IN the lead up to the busy Christmas holiday period patients are being urged to rethink going to the emergency department when they are unwell in a bid to curb unnecessary visits to the ER.
With one in five visits not requiring emergency care, the WA Primary Health Alliance yesterday launched the ‘Choose Well, When You’re Worried Sick’ campaign.
WAPHA chair Dr Richard Choong said knowing your health care options before you got sick or injured was extremely important for individuals and the entire health system.
“For some critical things, your local emergency department is irreplaceable,” he said.
“However, your GP knows far more about you, your family and your medical history, so when it’s not that urgent, they can give you the best medical advice and treatment.
“More than 200,000 people are visiting WA emergency departments every year with ailments that could be seen by a GP.
“At a cost of at least $600 per visit, that means a $120 million bill for taxpayers.”
Dr Colin Hughes said cuts to after hours funding for GPs meant emergency departments were particularly vulnerable to an influx of non-emergency cases during the festive season.
“There has been a real failure of policy by the Federal Government that has resulted in many GPs shutting their doors after hours and on public holidays,” he said.
“In the old days, doctors remained on call at all hours and when a patient contacted them they knew their history and could offer advice on whether they needed to present to the emergency department.
“This doesn’t happen anymore because the Federal Government cut funding for after hours services for GPs.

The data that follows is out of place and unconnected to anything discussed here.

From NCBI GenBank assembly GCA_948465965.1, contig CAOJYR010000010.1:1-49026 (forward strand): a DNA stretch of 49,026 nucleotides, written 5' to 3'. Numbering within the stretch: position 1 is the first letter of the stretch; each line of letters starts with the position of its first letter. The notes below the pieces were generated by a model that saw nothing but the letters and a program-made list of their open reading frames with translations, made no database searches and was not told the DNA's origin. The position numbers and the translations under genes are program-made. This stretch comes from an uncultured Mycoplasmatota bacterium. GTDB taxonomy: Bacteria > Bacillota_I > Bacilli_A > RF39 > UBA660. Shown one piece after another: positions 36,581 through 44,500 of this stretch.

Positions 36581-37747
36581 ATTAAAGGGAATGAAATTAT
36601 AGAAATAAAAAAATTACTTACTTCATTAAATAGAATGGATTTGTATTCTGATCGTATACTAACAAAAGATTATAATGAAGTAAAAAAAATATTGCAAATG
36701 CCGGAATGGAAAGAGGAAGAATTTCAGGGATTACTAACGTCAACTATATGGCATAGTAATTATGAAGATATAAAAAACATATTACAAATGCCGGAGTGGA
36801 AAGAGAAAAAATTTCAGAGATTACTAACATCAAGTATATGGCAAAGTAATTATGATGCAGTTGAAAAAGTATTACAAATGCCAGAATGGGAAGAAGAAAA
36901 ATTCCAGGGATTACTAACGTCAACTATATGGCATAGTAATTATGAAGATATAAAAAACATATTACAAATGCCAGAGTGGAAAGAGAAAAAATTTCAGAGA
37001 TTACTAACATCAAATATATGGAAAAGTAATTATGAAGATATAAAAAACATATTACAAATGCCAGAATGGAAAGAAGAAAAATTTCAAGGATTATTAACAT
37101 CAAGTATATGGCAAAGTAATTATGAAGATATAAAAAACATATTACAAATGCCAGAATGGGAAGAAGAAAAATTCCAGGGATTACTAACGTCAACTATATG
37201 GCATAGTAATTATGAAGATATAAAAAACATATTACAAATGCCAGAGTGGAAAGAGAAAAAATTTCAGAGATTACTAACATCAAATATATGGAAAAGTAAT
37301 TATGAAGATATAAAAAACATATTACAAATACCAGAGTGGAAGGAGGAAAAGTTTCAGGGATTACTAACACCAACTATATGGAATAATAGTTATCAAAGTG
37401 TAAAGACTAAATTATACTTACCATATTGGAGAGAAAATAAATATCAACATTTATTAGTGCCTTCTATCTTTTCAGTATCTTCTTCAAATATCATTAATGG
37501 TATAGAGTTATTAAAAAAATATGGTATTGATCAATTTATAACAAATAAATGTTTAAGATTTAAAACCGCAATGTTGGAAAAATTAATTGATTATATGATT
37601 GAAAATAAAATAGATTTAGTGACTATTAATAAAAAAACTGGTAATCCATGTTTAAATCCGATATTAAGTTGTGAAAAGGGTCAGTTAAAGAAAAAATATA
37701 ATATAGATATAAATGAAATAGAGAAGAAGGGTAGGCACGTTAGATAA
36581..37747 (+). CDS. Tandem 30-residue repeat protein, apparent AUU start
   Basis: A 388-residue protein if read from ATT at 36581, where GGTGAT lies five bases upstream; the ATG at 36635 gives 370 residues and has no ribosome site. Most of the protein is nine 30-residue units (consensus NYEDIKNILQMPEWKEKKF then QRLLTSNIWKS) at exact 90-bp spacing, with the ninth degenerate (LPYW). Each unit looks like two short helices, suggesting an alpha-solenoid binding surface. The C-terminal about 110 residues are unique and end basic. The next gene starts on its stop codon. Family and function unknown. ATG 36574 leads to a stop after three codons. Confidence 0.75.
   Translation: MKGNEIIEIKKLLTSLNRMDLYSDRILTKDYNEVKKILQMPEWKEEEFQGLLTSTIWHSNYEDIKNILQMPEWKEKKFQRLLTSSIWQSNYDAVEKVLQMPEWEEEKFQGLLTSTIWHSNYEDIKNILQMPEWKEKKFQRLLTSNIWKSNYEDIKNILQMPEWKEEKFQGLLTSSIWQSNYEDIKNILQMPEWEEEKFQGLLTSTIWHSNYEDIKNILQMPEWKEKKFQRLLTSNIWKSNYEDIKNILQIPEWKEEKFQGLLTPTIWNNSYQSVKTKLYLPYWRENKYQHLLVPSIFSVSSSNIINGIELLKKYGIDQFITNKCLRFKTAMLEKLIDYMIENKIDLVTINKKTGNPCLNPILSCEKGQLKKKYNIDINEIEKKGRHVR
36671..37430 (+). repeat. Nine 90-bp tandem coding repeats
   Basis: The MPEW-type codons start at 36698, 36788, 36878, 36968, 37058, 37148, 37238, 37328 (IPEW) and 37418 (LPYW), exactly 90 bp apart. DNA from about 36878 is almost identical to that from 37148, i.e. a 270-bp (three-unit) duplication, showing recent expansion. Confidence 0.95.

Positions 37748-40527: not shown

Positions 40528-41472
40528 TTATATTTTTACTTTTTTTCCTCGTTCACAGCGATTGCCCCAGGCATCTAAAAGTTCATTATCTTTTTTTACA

“Many doctors have said if you’re not going to pay us for working an 80 hour week then we won’t do it.”
Dr Hughes called on the Federal Government to lift the Medicare rebate for GP visits.
“GPs are now seeing patients for $38 a consultation which is absolutely ludicrous,” he said.
“It costs $400 for a patient to attend an emergency department and $110 to visit a GP in real terms.
“It just doesn’t make sense not to reward GPs to be available after hours.”
Federal Aged Care Minister Ken Wyatt urged people to find a GP and build a relationship with them before they got sick.
“Regularly visiting the same GP means there is a comprehensive medical history that will help that GP and their colleagues in the same general practice pick up things early, or before they become a problem,” he said.
The “Choose Well, When You’re Worried Sick” campaign will run from November to February.
For more information visit http://www.myhealthcareoptions.com.au
People should still go to an emergency department for:
· Chest pain
· Severe headaches they’ve never had before
· Trouble with speech or movement
· A very sick child
· Serious accident or illness